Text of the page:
Dennis Dailey officially retired from the BCHA as our Wilderness Advisor at the National Board meeting in Oregon this past April. No one can deny the value that Dennis brought to BCHA and fortunately for us Dennis is still actively involved with the BCHA. Chairman, Mike McGlenn set out to find a trustworthy replacement for Dennis and with the task completed we now welcome Randy Rasmussen who comes to use with the much experience and enthusiasm.

15. August 2012 · Comments Off on Annie’s Saga · Categories: Member Profiles

orange boxes

Learn how Annie went from queen of her pasture to a trail guide.

Chapter One “The Barter Mule” (chapters 1-6)

Final Chapter of Annie’s saga  “A New Home For Annie”

 

19. January 2012 · Comments Off on Rob and Linda Adams · Categories: Member Profiles

Rob pictureRob and Linda Adams have been active members of the SBBCHI chapter since January of 2000. Rob was first introduced to the Back Country Horsemen during a horse show at the Nampa Center. “I talked to Dale Forester and liked the mission of the organization.  This horse show was in the fall, as I went to a couple of meetings before I joined.” Mentions Rob.

With a passionate belief in the organizations mission, Rob and Linda have dedicate countless hours towards the operation and success of the Squaw Butte Chapter. Rob has been an active member of the chapter and is currently the chapters Vice President, Project trails coordinator and manages the chapters web presence. Click here for Rob and Linda’s complete bio.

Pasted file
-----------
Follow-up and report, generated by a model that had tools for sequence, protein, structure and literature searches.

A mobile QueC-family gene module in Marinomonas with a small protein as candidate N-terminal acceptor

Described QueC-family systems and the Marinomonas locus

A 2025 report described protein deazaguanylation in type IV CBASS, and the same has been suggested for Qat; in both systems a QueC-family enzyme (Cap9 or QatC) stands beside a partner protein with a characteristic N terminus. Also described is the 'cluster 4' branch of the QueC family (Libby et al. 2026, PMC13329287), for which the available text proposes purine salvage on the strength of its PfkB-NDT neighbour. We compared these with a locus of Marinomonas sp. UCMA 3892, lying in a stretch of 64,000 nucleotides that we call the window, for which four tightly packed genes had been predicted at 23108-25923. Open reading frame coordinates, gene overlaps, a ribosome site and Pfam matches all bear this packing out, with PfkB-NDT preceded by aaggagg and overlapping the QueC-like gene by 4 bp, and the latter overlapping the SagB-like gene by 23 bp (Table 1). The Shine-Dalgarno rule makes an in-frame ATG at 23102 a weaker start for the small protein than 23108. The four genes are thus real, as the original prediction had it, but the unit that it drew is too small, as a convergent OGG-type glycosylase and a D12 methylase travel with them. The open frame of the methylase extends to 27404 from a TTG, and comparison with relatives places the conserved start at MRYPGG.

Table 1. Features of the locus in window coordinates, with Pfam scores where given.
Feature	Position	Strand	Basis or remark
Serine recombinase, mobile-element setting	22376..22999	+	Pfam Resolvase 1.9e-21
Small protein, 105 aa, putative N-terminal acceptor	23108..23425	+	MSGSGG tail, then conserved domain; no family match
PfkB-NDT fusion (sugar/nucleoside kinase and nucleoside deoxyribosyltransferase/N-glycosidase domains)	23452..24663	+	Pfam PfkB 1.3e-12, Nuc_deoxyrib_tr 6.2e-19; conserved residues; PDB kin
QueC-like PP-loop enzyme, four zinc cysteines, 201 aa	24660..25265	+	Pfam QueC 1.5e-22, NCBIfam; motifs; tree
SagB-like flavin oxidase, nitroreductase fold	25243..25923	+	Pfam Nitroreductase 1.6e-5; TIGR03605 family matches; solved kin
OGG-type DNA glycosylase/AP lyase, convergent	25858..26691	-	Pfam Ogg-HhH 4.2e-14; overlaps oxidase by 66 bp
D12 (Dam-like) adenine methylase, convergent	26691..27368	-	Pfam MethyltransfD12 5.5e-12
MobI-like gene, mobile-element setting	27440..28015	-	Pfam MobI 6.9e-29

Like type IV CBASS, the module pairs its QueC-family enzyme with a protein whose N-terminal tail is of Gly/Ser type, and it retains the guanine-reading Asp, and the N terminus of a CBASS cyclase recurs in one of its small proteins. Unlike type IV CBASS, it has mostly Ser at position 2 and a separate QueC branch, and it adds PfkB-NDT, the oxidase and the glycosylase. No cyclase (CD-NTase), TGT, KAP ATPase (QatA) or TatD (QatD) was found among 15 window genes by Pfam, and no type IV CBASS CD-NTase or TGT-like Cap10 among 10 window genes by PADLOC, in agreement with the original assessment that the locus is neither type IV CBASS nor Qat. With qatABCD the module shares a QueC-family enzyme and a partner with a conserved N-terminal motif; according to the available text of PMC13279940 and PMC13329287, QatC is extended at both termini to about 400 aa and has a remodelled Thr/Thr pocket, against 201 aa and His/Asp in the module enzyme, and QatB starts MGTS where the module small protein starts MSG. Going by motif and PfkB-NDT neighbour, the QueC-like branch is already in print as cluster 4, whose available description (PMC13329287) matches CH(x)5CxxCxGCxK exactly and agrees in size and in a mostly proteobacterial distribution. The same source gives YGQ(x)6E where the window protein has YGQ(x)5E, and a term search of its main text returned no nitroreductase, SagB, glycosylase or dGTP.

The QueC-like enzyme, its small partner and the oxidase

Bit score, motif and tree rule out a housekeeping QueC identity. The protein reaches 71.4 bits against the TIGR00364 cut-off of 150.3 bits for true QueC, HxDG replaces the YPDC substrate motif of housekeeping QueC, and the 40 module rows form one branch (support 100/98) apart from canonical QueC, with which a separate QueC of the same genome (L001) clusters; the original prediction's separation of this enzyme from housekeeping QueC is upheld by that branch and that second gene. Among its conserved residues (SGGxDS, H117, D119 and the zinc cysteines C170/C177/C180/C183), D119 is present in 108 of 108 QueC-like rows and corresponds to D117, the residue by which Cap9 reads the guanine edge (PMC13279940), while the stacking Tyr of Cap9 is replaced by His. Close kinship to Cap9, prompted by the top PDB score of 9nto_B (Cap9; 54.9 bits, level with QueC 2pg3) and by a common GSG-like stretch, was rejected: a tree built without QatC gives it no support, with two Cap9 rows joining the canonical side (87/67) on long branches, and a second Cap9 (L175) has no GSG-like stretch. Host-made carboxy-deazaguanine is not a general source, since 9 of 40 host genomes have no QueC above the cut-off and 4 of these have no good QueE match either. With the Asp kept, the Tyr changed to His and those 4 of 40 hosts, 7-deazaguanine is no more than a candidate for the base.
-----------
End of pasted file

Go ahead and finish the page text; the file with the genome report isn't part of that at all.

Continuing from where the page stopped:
Janine       The Life and Times of a Chapter President

The joyous occasion occurred in Nampa Idaho, one fall evening.  The sire was from good Owyhee County/Silver City stock; the dam was out of a Scottish immigrant that settled near Peck Idaho. Home was to be a 28-acre farm just south of Homedale.  It was a perfect place to raise a herd of young’uns; lots of pastures and fields and outdoor activities to grow ‘em up robust and healthy.

After the wars, Dad came home and got hired on as a Rural Mail Carrier, a job he held for the next thirty-something years.  Mom graduated from the U of I and came down here to teach Home Ec.  She ended up being a stay-at-home mom, which was the norm back then, and besides carrying mail, Dad also farmed, through rain, sleet, snow and dark of night.  He raised hay, corn, wheat, and beef cows.  Twenty eight acres was just big enough to keep the kids in chores and teach them a work ethic, and to have horses.

Horses were my life.  I can’t remember when I fell in love with them, but I got it from my mom, and I  know I was pretty little—about knee-high to a grasshopper, I think.  Every summer when we’d go up to Granddad’s I’d hound my older cousin to take me horseback riding.  She hated me, I’m sure.  Then Granddad gave me his old hunting mare, which was too old to be too dangerous for a little tyke, but I learned a lot from that horse.

The rest of the story